By Ruhor Astapenia
Last week Belarus Digest published an article about the problems of technical assistance to Belarus. The current piece recommends possible solutions to those problems.
In the first place the EU should send a clear message to the Belarusian authorities that Belarus will be able to get more out if the regime decentralises and simplifies its system. This will encourage other actors to participate more actively in European programmes.
The European Union should elaborate a “road map” for the future and outline priorities of cooperation together with the Belarusian authorities. Also, the EU representatives in Belarus try to work with Belarusian authorities at the local level as much as possible.
The EU should also increase its cooperation with the Belarusian independent community of experts. As the level of the Belarusian public administration remains quite low, EU input can provide the most important ideas for the modernisation of the country.
Lukashenka’s regime erects barriers in the way of EU technical assistance. The authorities have created complex and lengthy procedures to obtain assistance, which worsens conditions of implementation of projects. Nevertheless, the projects in Belarus serve their task. The technical aid opens Belarus for the international community and improves the quality of the state governance and lives of people.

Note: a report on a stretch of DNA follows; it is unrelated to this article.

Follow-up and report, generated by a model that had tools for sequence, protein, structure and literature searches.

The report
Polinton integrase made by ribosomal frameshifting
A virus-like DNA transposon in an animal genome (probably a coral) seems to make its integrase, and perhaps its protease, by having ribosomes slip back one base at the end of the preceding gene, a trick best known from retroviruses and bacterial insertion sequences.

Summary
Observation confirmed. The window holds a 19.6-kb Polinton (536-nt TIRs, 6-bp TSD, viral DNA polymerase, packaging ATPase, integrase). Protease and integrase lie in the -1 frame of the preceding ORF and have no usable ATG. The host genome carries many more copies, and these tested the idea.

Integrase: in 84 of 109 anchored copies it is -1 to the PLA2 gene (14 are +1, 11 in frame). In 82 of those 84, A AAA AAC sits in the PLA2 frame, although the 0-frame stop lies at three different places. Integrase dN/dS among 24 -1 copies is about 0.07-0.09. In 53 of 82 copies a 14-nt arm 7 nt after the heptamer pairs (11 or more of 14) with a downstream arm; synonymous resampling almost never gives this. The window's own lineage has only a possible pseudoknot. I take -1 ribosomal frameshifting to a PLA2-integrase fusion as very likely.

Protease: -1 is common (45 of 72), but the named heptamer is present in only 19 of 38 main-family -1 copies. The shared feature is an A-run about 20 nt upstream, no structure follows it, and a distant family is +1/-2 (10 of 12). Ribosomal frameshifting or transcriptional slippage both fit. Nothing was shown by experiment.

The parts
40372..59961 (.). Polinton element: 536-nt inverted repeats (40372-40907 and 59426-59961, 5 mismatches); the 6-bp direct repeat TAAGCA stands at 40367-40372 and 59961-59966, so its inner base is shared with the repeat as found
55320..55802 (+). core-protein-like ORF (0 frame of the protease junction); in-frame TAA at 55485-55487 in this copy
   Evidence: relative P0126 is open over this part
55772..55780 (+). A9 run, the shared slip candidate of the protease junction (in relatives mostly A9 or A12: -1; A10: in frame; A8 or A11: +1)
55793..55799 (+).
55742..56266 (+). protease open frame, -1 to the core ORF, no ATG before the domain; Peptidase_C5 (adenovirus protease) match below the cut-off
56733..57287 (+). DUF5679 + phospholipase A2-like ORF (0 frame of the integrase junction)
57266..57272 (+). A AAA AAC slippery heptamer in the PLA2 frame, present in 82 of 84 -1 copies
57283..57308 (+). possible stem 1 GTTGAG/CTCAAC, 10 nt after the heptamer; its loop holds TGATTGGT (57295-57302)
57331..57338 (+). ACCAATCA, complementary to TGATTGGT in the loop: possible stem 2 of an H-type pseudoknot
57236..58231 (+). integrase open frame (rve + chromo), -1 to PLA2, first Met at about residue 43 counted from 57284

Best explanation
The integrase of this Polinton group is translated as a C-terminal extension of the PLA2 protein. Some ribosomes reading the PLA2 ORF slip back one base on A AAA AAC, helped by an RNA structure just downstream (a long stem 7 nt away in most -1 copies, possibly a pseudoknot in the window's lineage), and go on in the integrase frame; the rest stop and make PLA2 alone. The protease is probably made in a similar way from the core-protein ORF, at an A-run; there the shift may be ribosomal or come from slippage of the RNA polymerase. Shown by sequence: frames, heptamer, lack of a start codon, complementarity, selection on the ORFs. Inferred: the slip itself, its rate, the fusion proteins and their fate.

EU Message to the Belarusian Authorities
Working with Belarus is difficult. Belarusian expert on European integration Aliaksandr Papko says that the “absence of freedom of local authorities to take their own decisions is still a great problem. As a result, the local officials sometimes have to either wait for years till the top officials will approve the project or refuse to take on any responsibility.” Thus, it is primarily the Belarusian side which can improve efficiency of the aid.
Bearing in mind this differences, the EU message to the Belarusian authorities should be simple: even in today's political environment Belarus could receive more. But the procedure for obtaining technical assistance to implement projects should be de-bureaucratised, so that project realisation is not delayed for a few years. Currently it takes two or three years from the identification of a project to the actual signing of a contract.